The severe fiscal, financial and economic difficulties in Europe underscore the need for Washington to develop credible plans for comprehensive, long-term fiscal reforms -- in part because spillover problems from Europe could well aggravate U.S. budget challenges.
But Europe’s experience also cautions against excessive austerity measures that can turn a weak recovery into another recession. “These are critical times,” says Senate Budget Committee Chairman Kent Conrad, “and we’ve got to be smart about how we get back on track.”
These were among the key themes that emerged Thursday at a forum in Washington that focused on Europe’s perilous situation and its possible implications for the American economy and U.S. fiscal policy. The program was sponsored by the Committee for Economic Development (CED) and The Concord Coalition.
In addition to Conrad’s keynote speech, the forum featured Stephanie Riso, the head of the European Union's fiscal policy unit, and a panel of four American economists: Douglas Elliott, a fellow with the Brookings Institution; Simon Johnson, an MIT professor; Joseph Minarik, senior vice president and director of research with CED, and Diane Lim Rogers, Concord’s chief economist. Ed Andrews, a former New York Times economics correspondent, served as moderator.
On Thursday Concord also released a paper by Andrews, Minarik and Rogers entitled “Not Just Their Problem: Europe’s Debt Crisis and U.S. Fiscal Policy.”
Citing more grim news this week in Europe, Conrad warned that if the situation there continued to worsen, U.S. growth this year could “evaporate in a world-wide recession.” He and other speakers emphasized that exports to Europe -- and to other countries that do business in Europe -- account for a significantly larger share of U.S. economic growth than in the past.
Other concerns are weighing on investors in the United States and around the world. Conrad pointed to continuing problems in the U.S. housing market, job cuts at all levels of government in this country, instability in the Mideast, and political deadlock in Washington as officials face an array of key decisions this year on tax and spending policies.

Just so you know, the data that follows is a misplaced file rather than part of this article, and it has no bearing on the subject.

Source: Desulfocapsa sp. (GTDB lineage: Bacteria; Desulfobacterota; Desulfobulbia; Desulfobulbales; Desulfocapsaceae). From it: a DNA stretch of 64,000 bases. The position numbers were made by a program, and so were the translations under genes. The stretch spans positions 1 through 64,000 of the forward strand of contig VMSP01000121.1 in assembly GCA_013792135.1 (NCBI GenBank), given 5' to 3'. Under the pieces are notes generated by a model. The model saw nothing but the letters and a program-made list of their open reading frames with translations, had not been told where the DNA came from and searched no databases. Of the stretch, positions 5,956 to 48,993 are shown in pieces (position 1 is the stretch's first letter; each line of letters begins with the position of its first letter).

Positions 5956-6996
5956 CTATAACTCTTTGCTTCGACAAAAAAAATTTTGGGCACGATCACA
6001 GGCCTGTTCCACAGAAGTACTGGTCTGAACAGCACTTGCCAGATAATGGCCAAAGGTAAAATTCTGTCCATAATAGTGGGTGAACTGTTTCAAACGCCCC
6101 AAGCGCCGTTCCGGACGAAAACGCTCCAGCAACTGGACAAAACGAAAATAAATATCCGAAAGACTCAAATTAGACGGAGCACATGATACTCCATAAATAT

Conrad suggested that short-term steps to bolster the economy should include badly needed improvements in infrastructure. But he said such measures, though needed, could make long-term challenges even more difficult. He said more public understanding and support is needed for structural reforms in entitlement programs and tax policy.
Introducing the panel discussion, Andrews observed that many American assumptions about Europe were mistaken. Many in this country, for example, fail to appreciate the current importance of the European economy to our own.
In their presentations, both Rogers and Minarik emphasized that the global downturn in recent years had been synchronized. They said national economies are more closely linked by trade and financial ties than in the past, with Rogers adding that in many ways “we are in much the same boat.”
Relative to many other countries, however, the United States faces a “very large” gap to stabilize its debt, Rogers said. But she pointed out that this country also has a greater economic capacity to close that gap – and continues to enjoy unusually low interest rates.
Among Minarik’s key concerns: If those rates rise, federal debt costs could soar -- perhaps leading to still higher rates and more government borrowing that would eventually produce a “fiscal and financial explosion.”
Responsible U.S. fiscal reforms, he said, could help keep interest rates here low, support worthwhile investment and boost confidence in the global economy. “It would be good for Europe and it would be good for us,” he said.
Elliott stressed that Europe was facing not a single crisis but a variety of them that involved fiscal policies, banking, national and international institutions, competitiveness and market confidence in sovereign debt.
He predicted that the euro area “will have to get worse before it gets better.” Eventually, he said, there would need to be a “grand bargain” that would involve concessions by the stronger as well as the weaker countries. He estimated the chances of that at 3-in-4.
Johnson emphasized the role that irresponsible banking decisions had played in Europe’s difficulties, with possible repercussions for U.S. banks as well. He said large, highly leveraged banks were “a huge fiscal risk” for governments that is often overlooked.
Johnson also suggested that Washington not extend any of the Bush-era tax cuts set to expire at the end of this year. Instead, he said, Congress could cut payroll taxes for another year or two -- a policy that would ensure benefits for low-income Americans who pay little or no regular income taxes.
Sounding an upbeat note, Riso acknowledged that Europe is facing multiple crises but insisted that officials there are focusing on constructive changes, job growth and solid long-term planning.
But she added: “It is going to be hectic. It is going to be difficult.”
The same can safely be said of U.S. efforts this year to deal with our own short-term economic problems and long-term fiscal challenges. But elected officials should push forward on them all the same.